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Strange Fruit

Strange Fruit


by Billie Holiday


Critics typically note two things about the sound of "Strange Fruit." First, they observe that layers and layers are added to the song by Billie Holiday's subtle yet intense delivery. Second, they can't help but notice that the song is a real downer.

Billie Holiday's unforgettable delivery makes the song. The tune doesn't have much of a melody at all, but the way Holiday subtly varies the notes is both haunting and beautiful. In Benny Green's judgment, "Her elocution is superb, with but a hint of a Southern accent; her tone is languorous but unflinching, raw yet smooth, youthful yet worldly." Artie Shaw, who hired Billie to tour with his band for a time, also commented on her dramatic delivery: "She never had any dramatic experience, but there was a sense of inherent drama in her. I don't think she ever took any elocution lessons, but when she said 'bitter' she said it in a way worthy of any Dame on the British stage."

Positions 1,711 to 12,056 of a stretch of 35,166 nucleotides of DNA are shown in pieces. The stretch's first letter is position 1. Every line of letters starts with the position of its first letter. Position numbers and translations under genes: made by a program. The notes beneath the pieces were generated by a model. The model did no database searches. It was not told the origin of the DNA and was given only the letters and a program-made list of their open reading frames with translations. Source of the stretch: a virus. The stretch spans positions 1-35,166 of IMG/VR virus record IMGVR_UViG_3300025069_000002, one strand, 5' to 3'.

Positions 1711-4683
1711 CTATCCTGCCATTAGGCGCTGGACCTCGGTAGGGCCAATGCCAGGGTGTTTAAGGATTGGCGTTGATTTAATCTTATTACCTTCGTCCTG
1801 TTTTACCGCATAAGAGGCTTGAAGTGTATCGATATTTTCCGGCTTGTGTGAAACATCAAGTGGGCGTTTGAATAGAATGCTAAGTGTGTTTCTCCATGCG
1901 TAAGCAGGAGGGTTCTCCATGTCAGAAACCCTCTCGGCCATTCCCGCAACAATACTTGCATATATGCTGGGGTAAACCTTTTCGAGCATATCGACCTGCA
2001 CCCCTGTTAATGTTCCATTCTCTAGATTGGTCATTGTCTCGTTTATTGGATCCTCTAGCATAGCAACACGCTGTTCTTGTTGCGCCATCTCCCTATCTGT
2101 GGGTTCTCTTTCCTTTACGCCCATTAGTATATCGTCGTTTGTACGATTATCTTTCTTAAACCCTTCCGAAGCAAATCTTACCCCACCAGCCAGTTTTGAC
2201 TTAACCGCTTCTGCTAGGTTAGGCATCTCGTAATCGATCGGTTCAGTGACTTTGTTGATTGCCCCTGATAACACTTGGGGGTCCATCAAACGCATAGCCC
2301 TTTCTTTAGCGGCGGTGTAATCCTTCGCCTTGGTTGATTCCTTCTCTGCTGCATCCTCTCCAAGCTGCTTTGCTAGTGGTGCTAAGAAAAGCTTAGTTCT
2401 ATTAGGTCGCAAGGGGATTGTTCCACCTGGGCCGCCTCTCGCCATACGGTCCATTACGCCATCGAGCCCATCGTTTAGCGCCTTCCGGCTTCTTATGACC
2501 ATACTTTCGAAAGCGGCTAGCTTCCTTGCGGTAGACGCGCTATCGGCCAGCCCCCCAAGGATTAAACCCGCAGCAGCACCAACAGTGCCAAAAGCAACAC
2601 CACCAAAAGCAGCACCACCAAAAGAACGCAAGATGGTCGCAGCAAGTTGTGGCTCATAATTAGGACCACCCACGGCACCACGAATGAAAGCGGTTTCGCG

The song's downer energy is probably heightened by the fact that it's in the key of B-flat minor. B-flat minor is a notable choice because it has traditionally been a "dark key"—that is, a key used for sad and gloomy tunes. Chopin's Piano Concerto No. 2 and Tchaikovsky's Marche Slave, for example, are both in B-flat minor. (Incidentally, B-flat has also been proven to really irritate alligators, and it is also the lowest recorded note in the universe. That's right: the sound of gases orbiting a black hole in the Perseus cluster has actually been identified as being the B-flat 57 octaves below middle C on a piano.) But back on subject, the B-flat minor key contributes greatly to the somber tone, even though you're probably unaware of it if you're not familiar with music theory.

Further ruining your mood, the song ends on an F (with Billie's resounding voicing of "crop"), leaving the song somewhat unresolved. It is most standard in Western music for songs to end on the root note of the key that they're in. That would be the B-flat. In his book "Strange Fruit," David Margolick seized upon the significance of this "strangely unresolved note," comparing it to the dangling "dead man on the branch."

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